Take the 2-minute tour ×
Stack Overflow is a question and answer site for professional and enthusiast programmers. It's 100% free, no registration required.

The code i have right now is this

f = open(SINGLE_FILENAME)
lines = [i for i in f.readlines()]

but my proffessor demands that

You may use readline(). You may not use read(), readlines() or iterate over the open file using for.

any suggestions? thanks

share|improve this question
    
note: lines = f.readlines() does the same (produces a list of lines). A lazy version: lines = f (file is an iterator over lines by itself). Where have you learned lines = [i for i in f.readlines()] (it doesn't make sense to use it)? I've seen such code several times and I'm interested what is the origin or the logic behind it. –  J.F. Sebastian Dec 3 '12 at 5:28

2 Answers 2

First draft:

lines = []
with open(SINGLE_FILENAME) as f:
    while True:
        line = f.readline()
        if line:
            lines.append(line)
        else:
            break

I feel fairly certain there is a better way to do it, but that does avoid iterating with for, using read, or using readlines.

You could write a generator function to keep calling readline() until the file was empty, but that doesn't really seem like a large improvement here.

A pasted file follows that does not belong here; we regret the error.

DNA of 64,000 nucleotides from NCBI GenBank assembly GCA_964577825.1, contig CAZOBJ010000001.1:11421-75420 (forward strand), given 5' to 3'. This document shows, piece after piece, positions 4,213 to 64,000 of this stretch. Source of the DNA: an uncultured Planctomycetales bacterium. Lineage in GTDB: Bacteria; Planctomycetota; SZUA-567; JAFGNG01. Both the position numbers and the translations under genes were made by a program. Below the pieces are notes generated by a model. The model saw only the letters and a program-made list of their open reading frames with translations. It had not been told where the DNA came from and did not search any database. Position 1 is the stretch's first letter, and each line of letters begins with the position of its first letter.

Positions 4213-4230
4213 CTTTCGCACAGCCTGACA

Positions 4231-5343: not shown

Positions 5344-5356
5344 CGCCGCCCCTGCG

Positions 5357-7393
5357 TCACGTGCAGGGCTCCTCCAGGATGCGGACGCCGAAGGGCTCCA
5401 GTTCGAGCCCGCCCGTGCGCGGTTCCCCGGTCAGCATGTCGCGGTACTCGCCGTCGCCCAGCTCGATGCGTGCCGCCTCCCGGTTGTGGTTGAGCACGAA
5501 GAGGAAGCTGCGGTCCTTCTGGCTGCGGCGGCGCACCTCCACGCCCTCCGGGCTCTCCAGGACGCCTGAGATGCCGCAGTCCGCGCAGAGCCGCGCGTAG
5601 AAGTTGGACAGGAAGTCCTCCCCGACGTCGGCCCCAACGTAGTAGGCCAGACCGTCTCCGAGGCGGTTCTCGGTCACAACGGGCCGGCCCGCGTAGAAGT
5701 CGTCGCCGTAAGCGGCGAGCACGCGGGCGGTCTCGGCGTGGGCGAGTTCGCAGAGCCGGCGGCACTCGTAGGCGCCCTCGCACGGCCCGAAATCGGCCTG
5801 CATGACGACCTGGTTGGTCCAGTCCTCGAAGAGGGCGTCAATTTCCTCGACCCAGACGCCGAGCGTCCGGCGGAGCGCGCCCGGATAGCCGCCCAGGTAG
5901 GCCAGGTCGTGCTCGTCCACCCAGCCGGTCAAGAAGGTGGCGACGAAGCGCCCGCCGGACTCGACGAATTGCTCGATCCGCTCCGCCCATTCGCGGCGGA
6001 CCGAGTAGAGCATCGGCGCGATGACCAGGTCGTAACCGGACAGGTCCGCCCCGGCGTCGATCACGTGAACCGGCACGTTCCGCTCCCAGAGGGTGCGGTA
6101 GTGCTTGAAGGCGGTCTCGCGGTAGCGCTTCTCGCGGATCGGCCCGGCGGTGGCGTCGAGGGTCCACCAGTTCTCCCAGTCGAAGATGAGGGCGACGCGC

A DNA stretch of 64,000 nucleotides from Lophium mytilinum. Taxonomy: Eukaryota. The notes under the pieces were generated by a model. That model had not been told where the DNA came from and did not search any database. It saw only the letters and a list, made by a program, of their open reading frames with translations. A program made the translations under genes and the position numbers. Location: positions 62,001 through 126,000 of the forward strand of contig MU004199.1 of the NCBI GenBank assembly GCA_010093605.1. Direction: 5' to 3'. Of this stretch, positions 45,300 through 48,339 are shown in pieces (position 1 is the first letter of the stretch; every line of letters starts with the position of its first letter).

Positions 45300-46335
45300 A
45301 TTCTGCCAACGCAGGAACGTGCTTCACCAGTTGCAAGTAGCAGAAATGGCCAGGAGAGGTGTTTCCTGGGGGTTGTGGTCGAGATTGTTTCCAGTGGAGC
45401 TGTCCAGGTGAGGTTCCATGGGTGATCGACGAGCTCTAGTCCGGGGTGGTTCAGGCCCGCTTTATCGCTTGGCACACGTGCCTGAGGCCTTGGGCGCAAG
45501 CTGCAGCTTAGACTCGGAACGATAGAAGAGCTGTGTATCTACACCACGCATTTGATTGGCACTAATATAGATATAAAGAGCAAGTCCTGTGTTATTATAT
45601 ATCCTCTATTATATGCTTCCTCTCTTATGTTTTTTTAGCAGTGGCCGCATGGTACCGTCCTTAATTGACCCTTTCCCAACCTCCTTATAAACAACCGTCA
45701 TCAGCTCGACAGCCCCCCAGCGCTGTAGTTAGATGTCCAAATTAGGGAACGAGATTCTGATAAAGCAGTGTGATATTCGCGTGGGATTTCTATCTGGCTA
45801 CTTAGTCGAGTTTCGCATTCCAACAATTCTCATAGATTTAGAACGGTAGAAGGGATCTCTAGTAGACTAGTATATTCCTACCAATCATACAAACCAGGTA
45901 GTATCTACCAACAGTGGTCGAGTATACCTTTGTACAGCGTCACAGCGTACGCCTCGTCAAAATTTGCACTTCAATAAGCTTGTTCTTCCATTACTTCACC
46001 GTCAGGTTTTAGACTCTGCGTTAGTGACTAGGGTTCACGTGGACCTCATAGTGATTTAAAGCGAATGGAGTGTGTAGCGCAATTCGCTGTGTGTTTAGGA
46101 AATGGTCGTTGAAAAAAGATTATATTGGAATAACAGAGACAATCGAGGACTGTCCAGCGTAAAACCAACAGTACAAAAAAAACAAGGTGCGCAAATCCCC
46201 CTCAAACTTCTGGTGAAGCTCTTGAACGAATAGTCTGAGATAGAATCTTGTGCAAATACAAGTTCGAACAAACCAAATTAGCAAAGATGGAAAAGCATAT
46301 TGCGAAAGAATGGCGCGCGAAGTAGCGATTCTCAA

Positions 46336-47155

share|improve this answer
    
thanks that worked really well –  user1870662 Dec 3 '12 at 5:49
    
This is, based on my experience, almost certainly what the professor wants; and coincidentally this situation is one of the best simple demonstrations you will find of the professor's incompetence. –  Karl Knechtel Dec 3 '12 at 7:20

You could use a two-argument iter() version:

lines = iter(f.readline, "")

If you need a list of lines:

lines = list(lines)
share|improve this answer
    
+1 - That's very nice. –  Aesthete Dec 3 '12 at 5:34

Your Answer

 
discard

By posting your answer, you agree to the privacy policy and terms of service.

Not the answer you're looking for? Browse other questions tagged or ask your own question.